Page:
This will be news to residents of southern Florida, but it turns out that Ashkenazi Jews, as a group, don’t actually live longer than the rest of the population. Nevertheless, shared genetic traits have made Ashkenazim a compelling subject for scientific study, including in a fascinating project outlined in the newest edition of New York magazine.
In one of the more charming, thought-provoking articles you’re likely to read this week, the magazine’s latest issue examines the Longevity Genes Project at New York City’s Albert Einstein College of Medicine, where researchers Nir Barzilai and Gil Atzmon have been examining so-called “SuperAgers” — men and women who have made it past age 95 without serious medical problems. The article focuses in particular on members of the Kahn family, two brothers and two sisters who all became centenarians, surely making them one of the oldest sets of siblings in human history.
As the article explains, Ashkenazim aren’t likelier to live longer than the general population; what makes them interesting to researchers is their relatively homogeneous DNA and way of life, which allow scientists to identify differences in their genes that account for the extended life spans of those who do live longer. The Kahns — not all of whom are still living — were among a group of 540 Jewish SuperAgers who’ve participated in the Einstein study, and the article offers an intriguing look at the history they lived through and the experience of reaching an extremely advanced age. (SuperAgers “do not age differently from other people, just later,” the article reports.)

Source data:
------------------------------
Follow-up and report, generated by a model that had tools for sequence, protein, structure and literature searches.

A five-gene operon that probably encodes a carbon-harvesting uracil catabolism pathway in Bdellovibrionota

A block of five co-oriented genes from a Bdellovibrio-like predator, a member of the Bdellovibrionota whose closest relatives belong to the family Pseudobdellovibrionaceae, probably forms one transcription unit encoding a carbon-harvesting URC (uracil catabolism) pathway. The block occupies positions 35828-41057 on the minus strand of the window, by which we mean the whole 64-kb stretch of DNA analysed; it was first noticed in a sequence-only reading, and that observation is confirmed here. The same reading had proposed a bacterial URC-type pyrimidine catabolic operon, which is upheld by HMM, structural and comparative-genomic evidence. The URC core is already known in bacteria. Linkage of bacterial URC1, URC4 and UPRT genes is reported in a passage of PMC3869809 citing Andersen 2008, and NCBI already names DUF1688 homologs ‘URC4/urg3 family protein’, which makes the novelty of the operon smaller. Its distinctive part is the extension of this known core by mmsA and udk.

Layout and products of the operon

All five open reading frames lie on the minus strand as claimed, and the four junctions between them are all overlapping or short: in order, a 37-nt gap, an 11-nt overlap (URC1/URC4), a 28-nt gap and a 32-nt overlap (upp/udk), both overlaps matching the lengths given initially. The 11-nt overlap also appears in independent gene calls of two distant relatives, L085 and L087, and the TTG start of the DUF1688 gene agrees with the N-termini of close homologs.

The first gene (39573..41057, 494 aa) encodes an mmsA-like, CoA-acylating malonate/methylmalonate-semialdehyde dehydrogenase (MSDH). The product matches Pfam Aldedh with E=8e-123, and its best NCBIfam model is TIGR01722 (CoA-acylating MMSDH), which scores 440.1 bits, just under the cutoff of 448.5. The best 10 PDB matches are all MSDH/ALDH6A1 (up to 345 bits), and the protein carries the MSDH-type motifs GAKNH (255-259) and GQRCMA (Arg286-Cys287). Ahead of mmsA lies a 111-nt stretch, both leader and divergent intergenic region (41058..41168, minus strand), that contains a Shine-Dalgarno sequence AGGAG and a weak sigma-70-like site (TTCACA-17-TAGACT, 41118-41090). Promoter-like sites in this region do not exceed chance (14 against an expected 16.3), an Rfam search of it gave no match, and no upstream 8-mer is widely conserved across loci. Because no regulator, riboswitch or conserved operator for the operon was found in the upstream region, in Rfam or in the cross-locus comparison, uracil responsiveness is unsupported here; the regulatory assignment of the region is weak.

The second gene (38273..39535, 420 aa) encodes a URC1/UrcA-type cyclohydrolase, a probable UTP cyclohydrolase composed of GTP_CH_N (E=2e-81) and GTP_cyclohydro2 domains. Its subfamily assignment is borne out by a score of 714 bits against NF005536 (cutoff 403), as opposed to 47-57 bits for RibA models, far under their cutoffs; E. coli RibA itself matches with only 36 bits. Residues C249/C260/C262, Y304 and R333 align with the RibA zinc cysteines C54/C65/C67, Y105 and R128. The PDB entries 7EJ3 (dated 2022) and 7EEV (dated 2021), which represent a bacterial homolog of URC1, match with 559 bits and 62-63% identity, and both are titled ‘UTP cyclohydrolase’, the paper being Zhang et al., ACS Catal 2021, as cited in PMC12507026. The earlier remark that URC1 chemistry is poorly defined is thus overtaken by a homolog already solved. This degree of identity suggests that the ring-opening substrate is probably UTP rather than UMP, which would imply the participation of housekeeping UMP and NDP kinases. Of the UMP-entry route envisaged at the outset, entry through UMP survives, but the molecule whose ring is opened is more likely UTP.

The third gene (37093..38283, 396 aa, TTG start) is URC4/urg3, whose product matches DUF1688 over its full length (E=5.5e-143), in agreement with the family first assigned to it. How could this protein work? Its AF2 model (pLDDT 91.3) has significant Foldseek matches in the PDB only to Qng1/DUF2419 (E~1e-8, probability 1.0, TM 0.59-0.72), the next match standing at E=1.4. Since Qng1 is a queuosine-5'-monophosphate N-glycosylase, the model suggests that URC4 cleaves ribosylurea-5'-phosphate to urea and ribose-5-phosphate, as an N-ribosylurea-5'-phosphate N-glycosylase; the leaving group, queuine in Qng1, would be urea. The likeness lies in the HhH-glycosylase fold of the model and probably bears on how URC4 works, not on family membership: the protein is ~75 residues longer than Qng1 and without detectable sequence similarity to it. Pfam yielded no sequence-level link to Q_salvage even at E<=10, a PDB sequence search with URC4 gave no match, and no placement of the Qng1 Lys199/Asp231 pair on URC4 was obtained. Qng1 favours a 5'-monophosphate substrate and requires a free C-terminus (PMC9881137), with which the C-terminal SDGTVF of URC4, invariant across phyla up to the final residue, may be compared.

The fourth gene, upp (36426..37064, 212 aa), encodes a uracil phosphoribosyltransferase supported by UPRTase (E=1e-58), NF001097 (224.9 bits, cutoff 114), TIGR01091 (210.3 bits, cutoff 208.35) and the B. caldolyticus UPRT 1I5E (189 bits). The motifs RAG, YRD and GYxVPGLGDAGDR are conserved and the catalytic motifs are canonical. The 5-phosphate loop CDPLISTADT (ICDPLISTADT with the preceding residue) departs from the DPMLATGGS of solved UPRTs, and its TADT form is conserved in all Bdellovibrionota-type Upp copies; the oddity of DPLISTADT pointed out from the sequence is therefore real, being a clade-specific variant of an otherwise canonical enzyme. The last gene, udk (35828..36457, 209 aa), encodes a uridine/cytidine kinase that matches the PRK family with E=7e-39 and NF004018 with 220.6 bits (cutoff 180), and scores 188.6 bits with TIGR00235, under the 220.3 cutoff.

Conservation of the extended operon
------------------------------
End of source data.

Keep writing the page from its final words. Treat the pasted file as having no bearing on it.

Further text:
The usual medical advice can get you only so far in terms of life expectancy, Barzilai tells New York. “Healthy living can get you past 80,” he says, “but not to 100.” The Jewish SuperAgers, for their part, attribute their long lives to “genes, luck, and family history.”
“God,” the article says, “finished last.”
While Jews as a group may not live longer than others, “540 Jews in a New York-based study of extreme old age [are] too delicious,” author Jesse Green writes, interspersing old Jewish jokes between sections of the article.
The Shmooze’s favorite came, unwittingly, from the SuperAgers themselves. After a nurse visited many of the elderly Jews at home to collect information, Barzilai would receive calls from his subjects. “The young man was very nice,” they would tell him, “but why didn’t he touch the cake?”